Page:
Neither American nor any foreign power’s intervention can alleviate the suffering in Iraq. While Obama and the U.S. establishment equivocate over how much ‘humanitarian’ assistance, meaning military support, to provide Maliki’s besieged government, every American with a genuine humanitarian concern for the people of Iraq will join socialists as they say: no more war, no more intervention! U.S. intervention can only exacerbate the crisis it has made; international working class solidarity, stretching from Iraq to Iran to Turkey and the United States, can prevent further imperialist meddling while also providing the working people and poor of Iraq with the breathing space to fight for the mass democratic social justice movement that will undercut support for reactionaries of all stripes, from ISIS to the more mainstream religious parties.

The Iraqi Communist Party has the potential to play a leading role in this. Rather than call for a cross-class (popular front) alliance that includes the same forces whose own sectarian politics have lead to the current crisis4, its rank-and-file members should bring pressure to bear on the leadership to make the party into a beacon of anti-sectarian class politics.

For those of us in the United States, our best chance to see a free and peaceful Iraq is to remember that our own country’s ruling elite has the same goal to subjugate Iraq and the Middle East, whether it’s lead by Bush’s fiery neoconservatism or Obama’s erstwhile humanitarianism.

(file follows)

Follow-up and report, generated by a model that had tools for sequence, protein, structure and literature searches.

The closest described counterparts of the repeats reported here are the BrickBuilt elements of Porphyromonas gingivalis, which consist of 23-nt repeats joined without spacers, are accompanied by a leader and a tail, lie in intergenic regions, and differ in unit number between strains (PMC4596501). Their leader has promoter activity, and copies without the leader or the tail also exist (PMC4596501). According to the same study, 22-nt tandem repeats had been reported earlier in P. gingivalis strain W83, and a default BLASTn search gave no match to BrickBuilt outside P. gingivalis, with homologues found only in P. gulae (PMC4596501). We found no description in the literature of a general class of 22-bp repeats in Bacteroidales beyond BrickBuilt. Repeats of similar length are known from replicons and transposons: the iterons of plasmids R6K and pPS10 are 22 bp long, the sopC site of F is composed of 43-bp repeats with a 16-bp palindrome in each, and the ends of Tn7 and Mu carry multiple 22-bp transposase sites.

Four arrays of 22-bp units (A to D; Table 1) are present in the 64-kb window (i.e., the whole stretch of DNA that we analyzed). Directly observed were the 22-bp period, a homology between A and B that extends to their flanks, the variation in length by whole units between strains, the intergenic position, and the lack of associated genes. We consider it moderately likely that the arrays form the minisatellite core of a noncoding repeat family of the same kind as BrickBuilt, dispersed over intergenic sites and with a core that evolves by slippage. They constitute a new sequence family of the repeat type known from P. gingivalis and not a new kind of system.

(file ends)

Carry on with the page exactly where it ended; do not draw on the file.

Notes

  1. Sunnis account for 32-37% of the population, with Christians making up around 2% now, having fled en masse after the U.S. invasion. 17% of the Iraqi population is Kurdish, most of whom are counted in the Sunni figures.
  2. www.alternet.org/media/war-iraq-cost-4-trillion-and-enormous-loss-life-8-warmongers-who-would-take-us-back and www.iraqbodycount.org. Around 4,800 U.S. / Coalition soldiers are among the death toll, the rest being Iraqis. The $4 trillion figure includes only American spending, not British / Coalition costs or the massive damage dealt to Iraq’s economy.
  3. http://www.commondreams.org/view/2014/06/16-3
  4. The ICP’s Tareeq al-Shab (People’s Voice) editorial dated June 19th, calling for “the unity of all patriotic forces” for a National Conference that would “set up a temporary consultative body that would work with the government to consider the developments and tackle the situation.” Thus the ICP leadership would have the party form a bloc with the very same government, corrupt to the core, that is responsible for the sectarian divisions in the first place! http://iraqiletter.blogspot.com/2014/06/iraqi-cp-calls-for-urgent-national.html

(Originally published in The Red Vine.)

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1 Comment

  1. I agree with much here, but
    1. It’s not true that “…Saddam stepped out of line, going against the interests of U.S. capital in his crusade against Kuwait.” He asked permission first; the US ambassador said That’s an internal Iraqi matter, thus giving consent. The US then sucker-punched him.
    2. The Iraqi CP has generations of class collaboration/popular front, extending to joining the first, puppet US ‘government’ after the invasion. Better find a better hook on which to hang your hopes. This one won’t hold a fly.